Yesterday’s (28 May 2020) economic data was very encouraging with clear green shoots of a post-lockdown recovery.
US weekly initial jobless claims continued to trend down, coming in at 2.1m for the week ending Saturday 23 May 2020, down from 2.45m (the previous week was revised up by 8,000).
Although news headlines focused on the fact that the total number of unemployment claims over the past 10 weeks has surpassed 40m (i.e. 40m Americans have lost their jobs), it is the continuing claims data that we have been focusing on as this is far more important as it shows the number of Americans continuing to get unemployment benefits – and this fell to 21.1m for the week ending Saturday 16 May 2020, from 24.9m in the previous week (which was also revised down from 25.07m).
Although as we have previously explained, there can be some delays in reporting (for example, California only reports biweekly), taken at face value this data release indicates that nearly 4m laid-off workers were taken back on (as they are no longer continuing to claim their unemployment benefits) once the lockdown restrictions started to be eased (over a dozen US states started some form of reopening during the reporting period).
In another positive signal, US durable goods orders (these are items that are expected to last at least 3 years – for example, a car), while down again in April, they didn’t fall anywhere near as much as expected.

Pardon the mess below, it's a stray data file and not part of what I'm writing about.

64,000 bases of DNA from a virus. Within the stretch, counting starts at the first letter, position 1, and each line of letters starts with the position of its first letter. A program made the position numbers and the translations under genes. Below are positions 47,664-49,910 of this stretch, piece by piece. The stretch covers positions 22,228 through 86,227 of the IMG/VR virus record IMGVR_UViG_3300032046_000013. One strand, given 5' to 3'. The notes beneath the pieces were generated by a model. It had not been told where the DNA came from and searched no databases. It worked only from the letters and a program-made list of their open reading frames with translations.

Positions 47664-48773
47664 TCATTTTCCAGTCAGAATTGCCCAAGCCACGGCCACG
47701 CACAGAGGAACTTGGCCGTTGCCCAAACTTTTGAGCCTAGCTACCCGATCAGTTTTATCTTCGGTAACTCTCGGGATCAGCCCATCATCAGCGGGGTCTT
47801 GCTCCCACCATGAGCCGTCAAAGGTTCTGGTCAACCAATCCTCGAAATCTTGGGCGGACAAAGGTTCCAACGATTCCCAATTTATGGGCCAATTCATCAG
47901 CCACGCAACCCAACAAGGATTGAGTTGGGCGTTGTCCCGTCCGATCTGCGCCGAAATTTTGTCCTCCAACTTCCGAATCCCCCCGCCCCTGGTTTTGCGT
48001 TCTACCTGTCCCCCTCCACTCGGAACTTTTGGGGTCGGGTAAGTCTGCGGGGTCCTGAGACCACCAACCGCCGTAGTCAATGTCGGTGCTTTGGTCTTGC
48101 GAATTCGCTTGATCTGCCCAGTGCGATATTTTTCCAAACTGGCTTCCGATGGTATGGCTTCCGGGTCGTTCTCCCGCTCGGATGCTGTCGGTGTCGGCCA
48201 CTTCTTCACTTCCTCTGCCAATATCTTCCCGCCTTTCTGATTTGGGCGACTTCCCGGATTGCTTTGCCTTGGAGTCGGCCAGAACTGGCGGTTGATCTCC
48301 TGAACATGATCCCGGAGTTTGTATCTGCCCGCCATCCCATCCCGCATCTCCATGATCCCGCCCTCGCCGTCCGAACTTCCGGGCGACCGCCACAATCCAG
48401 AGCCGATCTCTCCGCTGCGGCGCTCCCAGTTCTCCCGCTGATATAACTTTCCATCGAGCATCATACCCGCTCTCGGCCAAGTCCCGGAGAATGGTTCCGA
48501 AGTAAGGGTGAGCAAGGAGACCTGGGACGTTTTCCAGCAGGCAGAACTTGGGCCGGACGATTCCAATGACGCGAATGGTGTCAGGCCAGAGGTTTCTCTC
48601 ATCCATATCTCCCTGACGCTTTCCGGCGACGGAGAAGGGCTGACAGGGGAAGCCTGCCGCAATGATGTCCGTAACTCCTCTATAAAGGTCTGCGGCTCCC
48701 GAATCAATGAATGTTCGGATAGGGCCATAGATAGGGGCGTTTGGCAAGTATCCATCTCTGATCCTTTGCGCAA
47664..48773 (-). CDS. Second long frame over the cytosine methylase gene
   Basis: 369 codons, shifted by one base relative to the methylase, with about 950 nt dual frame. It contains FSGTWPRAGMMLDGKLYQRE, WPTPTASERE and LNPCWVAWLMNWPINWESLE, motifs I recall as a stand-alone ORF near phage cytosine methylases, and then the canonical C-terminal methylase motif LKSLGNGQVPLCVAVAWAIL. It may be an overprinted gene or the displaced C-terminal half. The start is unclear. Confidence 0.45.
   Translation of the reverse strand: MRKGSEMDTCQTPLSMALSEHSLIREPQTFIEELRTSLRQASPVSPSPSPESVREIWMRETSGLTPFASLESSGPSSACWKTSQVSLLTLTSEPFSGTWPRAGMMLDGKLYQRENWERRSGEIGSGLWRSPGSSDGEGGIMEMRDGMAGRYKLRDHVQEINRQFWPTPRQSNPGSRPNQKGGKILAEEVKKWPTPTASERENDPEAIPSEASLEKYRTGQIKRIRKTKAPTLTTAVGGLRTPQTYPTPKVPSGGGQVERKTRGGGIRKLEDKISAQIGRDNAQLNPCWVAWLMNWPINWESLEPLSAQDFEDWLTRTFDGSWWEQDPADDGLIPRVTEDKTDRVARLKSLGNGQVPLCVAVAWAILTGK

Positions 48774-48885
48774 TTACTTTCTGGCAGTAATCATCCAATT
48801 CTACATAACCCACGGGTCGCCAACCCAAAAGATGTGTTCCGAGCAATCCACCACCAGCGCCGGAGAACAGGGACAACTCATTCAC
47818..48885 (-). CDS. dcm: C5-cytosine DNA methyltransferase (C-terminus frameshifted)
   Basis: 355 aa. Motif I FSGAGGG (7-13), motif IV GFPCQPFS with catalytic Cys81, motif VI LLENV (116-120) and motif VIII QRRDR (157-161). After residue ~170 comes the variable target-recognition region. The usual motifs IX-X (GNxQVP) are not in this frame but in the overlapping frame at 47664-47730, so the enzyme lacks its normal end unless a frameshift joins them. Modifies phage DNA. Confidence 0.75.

Additionally, the Bank of America CEO, Brian Moynihan, told CNBC yesterday that checking accounts (what we call a current account) with balances below $5,000 before the coronavirus lockdowns, now have around 30 to 40% more money in (due to less spending and the stimulus packages which gave every taxpayer, with an income up to $75k, a direct payment of $1,200 and parents $500 per child) – which is money ready and waiting to be spent as the lockdowns ease and the economy recovers.
Unfortunately, US equities gave up their gains in the final hour of trading (8-9pm UK time – which has become a recurring feature lately), thanks to escalating tensions between the US and China.
Both the Dow Jones and the S&P 500 index had been trading up around 1%, but ended the day down 0.58% and 0.21% respectively, after Donald Trump said he will hold a news conference where he will announce new US policies on China today (Friday 29 May 2020), as China approved new national security laws for Hong Kong.
Additional tariffs now appear more likely than not, given this will provide Donald Trump with the big hard hitting headlines he needs ahead of November’s US Presidential election, as a tough stance with China resonates well with American voters.
Unfortunately, this is also dominating sentiment here in the UK this morning as the FTSE-100 is currently down 70 points or 1.14%.
Investment Management Team